Women who receive messages of acceptance about their weight from their family and loved ones do best at maintaining or even losing weight, a new study finds.
Those who received little reassurance about their weight from those that matter, though, put on an average of 4.5 pounds over three months.
Professor Christine Logel, who led the study, said:
“When we feel bad about our bodies, we often turn to loved ones — families, friends and romantic partners — for support and advice.
How they respond can have a bigger effect than we might think.”
The study, published in the journal Personal Relationships, involved talking to young women about their weight and asking them how their loved ones had responded to their concerns (Logel et al., 2014).
Professor Logel explained:
“On average, the women in the study were at the high end of Health Canada’s BMI recommendations, so the healthiest thing is for them to maintain the weight they have and not be so hard on themselves.
But many of the women were still very concerned about how much they weigh, and most talked to their loved ones about it.”
The results showed that women concerned about their weight who received comparatively few messages of acceptance from loved ones put on an average of 4.5 pounds over the three months of the study.
In contrast, those who were told they looked fine as they were lost an average of one pound.
The researchers found that when people feel better about themselves, they are more likely to eat sensibly and be more active.
On top of this, feeling more acceptance likely lowers stress, which is known to cause weight gain.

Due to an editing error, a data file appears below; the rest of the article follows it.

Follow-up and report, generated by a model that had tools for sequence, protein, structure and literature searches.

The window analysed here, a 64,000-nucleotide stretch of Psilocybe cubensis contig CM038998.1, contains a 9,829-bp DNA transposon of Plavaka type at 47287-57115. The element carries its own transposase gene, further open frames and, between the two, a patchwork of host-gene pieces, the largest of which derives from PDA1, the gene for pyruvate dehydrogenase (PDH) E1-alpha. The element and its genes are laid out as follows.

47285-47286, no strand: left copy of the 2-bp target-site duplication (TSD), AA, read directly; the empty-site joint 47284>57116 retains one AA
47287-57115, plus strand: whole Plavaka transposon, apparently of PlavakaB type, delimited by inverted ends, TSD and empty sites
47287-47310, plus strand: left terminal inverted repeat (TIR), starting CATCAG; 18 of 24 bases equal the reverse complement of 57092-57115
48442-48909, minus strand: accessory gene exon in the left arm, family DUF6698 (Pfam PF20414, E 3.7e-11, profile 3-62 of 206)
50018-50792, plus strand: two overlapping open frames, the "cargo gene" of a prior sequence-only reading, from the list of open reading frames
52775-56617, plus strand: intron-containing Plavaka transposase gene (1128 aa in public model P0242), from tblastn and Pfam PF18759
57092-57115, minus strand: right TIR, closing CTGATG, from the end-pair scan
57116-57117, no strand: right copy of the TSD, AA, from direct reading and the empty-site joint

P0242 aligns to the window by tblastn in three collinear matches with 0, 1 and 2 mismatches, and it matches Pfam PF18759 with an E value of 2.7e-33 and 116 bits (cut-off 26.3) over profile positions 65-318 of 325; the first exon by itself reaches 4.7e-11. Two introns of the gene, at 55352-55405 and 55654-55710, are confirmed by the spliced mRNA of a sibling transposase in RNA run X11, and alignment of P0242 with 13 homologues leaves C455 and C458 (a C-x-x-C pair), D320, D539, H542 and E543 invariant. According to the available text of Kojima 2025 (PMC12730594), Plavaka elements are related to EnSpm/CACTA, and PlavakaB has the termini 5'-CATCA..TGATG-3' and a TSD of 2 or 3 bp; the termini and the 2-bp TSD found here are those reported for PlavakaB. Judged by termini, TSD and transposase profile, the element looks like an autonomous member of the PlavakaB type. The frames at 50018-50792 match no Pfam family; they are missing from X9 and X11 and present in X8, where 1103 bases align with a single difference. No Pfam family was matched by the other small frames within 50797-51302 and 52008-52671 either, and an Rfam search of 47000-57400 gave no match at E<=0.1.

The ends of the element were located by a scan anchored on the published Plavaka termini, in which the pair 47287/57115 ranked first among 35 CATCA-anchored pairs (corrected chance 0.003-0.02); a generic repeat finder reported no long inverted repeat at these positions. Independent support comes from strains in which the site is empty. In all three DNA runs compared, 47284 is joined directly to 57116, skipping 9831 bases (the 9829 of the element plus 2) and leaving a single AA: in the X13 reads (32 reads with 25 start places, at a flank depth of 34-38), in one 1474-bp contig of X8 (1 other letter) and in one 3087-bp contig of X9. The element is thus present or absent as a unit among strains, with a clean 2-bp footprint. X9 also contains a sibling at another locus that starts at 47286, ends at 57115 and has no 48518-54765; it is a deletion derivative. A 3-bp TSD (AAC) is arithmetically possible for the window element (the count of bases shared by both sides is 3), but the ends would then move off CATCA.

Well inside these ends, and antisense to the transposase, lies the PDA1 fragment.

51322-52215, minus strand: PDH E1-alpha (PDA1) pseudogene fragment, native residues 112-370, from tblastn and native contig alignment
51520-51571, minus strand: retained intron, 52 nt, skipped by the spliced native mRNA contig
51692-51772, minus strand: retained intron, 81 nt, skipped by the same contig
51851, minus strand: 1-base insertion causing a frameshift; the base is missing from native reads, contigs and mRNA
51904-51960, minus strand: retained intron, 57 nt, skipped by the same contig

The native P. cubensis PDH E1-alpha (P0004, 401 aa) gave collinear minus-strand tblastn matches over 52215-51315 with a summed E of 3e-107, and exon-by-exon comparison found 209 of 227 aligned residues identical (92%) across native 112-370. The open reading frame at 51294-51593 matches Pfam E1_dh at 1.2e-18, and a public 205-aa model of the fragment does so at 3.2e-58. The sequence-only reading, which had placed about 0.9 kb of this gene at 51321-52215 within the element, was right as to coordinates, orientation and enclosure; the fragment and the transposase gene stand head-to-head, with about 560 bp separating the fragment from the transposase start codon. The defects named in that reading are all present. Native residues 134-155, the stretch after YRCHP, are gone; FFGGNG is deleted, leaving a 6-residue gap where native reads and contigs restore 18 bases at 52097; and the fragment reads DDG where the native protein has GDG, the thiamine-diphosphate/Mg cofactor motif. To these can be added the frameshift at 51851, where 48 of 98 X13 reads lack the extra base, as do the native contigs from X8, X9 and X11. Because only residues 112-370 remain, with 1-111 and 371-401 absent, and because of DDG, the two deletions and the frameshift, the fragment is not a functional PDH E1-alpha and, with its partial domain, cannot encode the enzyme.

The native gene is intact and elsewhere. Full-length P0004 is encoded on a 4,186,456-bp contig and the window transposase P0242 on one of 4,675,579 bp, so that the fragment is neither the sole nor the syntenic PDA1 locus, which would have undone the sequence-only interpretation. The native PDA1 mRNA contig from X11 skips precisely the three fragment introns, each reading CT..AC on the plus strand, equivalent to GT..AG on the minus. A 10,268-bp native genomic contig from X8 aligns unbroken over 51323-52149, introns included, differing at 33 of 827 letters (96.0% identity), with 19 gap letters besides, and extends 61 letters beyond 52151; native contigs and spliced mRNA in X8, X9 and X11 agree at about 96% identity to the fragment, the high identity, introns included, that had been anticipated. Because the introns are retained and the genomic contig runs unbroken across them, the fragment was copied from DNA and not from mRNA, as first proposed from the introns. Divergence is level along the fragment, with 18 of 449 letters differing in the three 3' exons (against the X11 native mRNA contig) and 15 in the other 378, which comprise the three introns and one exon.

Professor Logel said:
“We all know someone who points out our weight gain or offers to help us lose weight. These results suggest that these comments are misguided.
Lots of research finds that social support improves our health.
An important part of social support is feeling that our loved ones accept us just the way we are.”
About the author
Psychologist, Jeremy Dean, PhD is the founder and author of PsyBlog. He holds a doctorate in psychology from University College London and two other advanced degrees in psychology.
He has been writing about scientific research on PsyBlog since 2004. He is also the author of the book “Making Habits, Breaking Habits” (Da Capo, 2003) and several ebooks:
- Accept Yourself: How to feel a profound sense of warmth and self-compassion
- The Anxiety Plan: 42 Strategies For Worry, Phobias, OCD and Panic
- Spark: 17 Steps That Will Boost Your Motivation For Anything
- Activate: How To Find Joy Again By Changing What You Do
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